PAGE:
- Assurance that project deliverables/products meet the specified user requirements
- Contribute to Project board decisions
- Resolve conflicts
The Senior Supplier represents the interests of those designing, developing, facilitating, procuring, implementing (and possibly operating and maintaining) the project products. The Senior Supplier is accountable for the quality of products delivered by technical resources.
- Represent the interests of those undertaking the technical delivery of the products
- Commit (or source) appropriately skilled resources to the project
- Ensure the solution design meets relevant standards
- Contribute to Project board decisions
- Resolve conflicts
The Project Manager manages the project on a day-to-day basis on behalf of the Project Board and is responsible for delivering project objectives. This includes all aspects of the project, inclusive of engagement with vendor(s).
Overall, they ensure that the project produces the required products, to the required standard of quality and within the specified constraints of time and cost.
Project Manager Responsibilities
- Leading the project team and taking responsibility for the day-to-day management of the project
- Planning and designing the project and proactively monitoring project health and continued alignment to defined scope and quality
- Managing and resolving any project risks and issues , escalating as required to the Project Executive
- Delivering the final product(s)
- Ensuring project alignment with University policy, standards and architectures
- Ensuring individual projects perform as defined in delivering the new products or services
- Supporting effective communication between relevant Project roles and the stakeholder community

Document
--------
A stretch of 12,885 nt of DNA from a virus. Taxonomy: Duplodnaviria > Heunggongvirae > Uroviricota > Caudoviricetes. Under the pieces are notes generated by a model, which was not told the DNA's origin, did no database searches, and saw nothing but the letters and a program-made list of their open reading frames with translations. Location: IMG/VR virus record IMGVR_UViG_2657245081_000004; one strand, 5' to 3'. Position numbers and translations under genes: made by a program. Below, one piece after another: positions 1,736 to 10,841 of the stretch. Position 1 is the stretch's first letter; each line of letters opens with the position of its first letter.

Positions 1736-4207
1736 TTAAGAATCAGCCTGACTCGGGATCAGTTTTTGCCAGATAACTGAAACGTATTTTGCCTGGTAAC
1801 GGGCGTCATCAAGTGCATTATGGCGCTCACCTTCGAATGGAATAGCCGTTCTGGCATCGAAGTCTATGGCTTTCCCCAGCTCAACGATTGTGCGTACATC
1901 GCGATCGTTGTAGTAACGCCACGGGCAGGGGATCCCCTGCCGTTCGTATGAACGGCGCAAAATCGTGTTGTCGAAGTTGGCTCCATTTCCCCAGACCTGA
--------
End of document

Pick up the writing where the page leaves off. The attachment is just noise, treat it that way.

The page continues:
- Engaging with senior business stakeholders as required in presenting and representing the project
- Aligning the project to related and dependent change initiatives underway or planned within The University
- Managing formal and informal relationships with external vendors and partners involved in project delivery
- Reporting project progress and health to the Project Sponsor and other relevant stakeholders
- Preparing the monthly project report for the PMO
The requirement for a separate team manager should be discussed between the Project Manager and the Project Board. If needed the role should be defined and documented during the startup phase of the project or at an appropriate stage boundary. The Project Manager creates work package(s) to specify the deliverables that the Team Manager (or team members) are required to deliver.
The Team Manager is responsible for delivering the project’s products within tolerances defined by the Project Manager. If a Team Manager belong to a separate supplier organisation, the management relationship between the Senior Supplier and the Team Manager must be made clear to avoid undermining the Project Manager’s authority.
The Project Management Team exists within University organisation structure and as such it may not reflect the relative seniority of the persons involved. For example, a Team Manager may be senior to a Project Manager within the University structure, but may report to the Project Manager within the context of the Project.
The project team consists of resources allocated to the project to deliver specific work packages.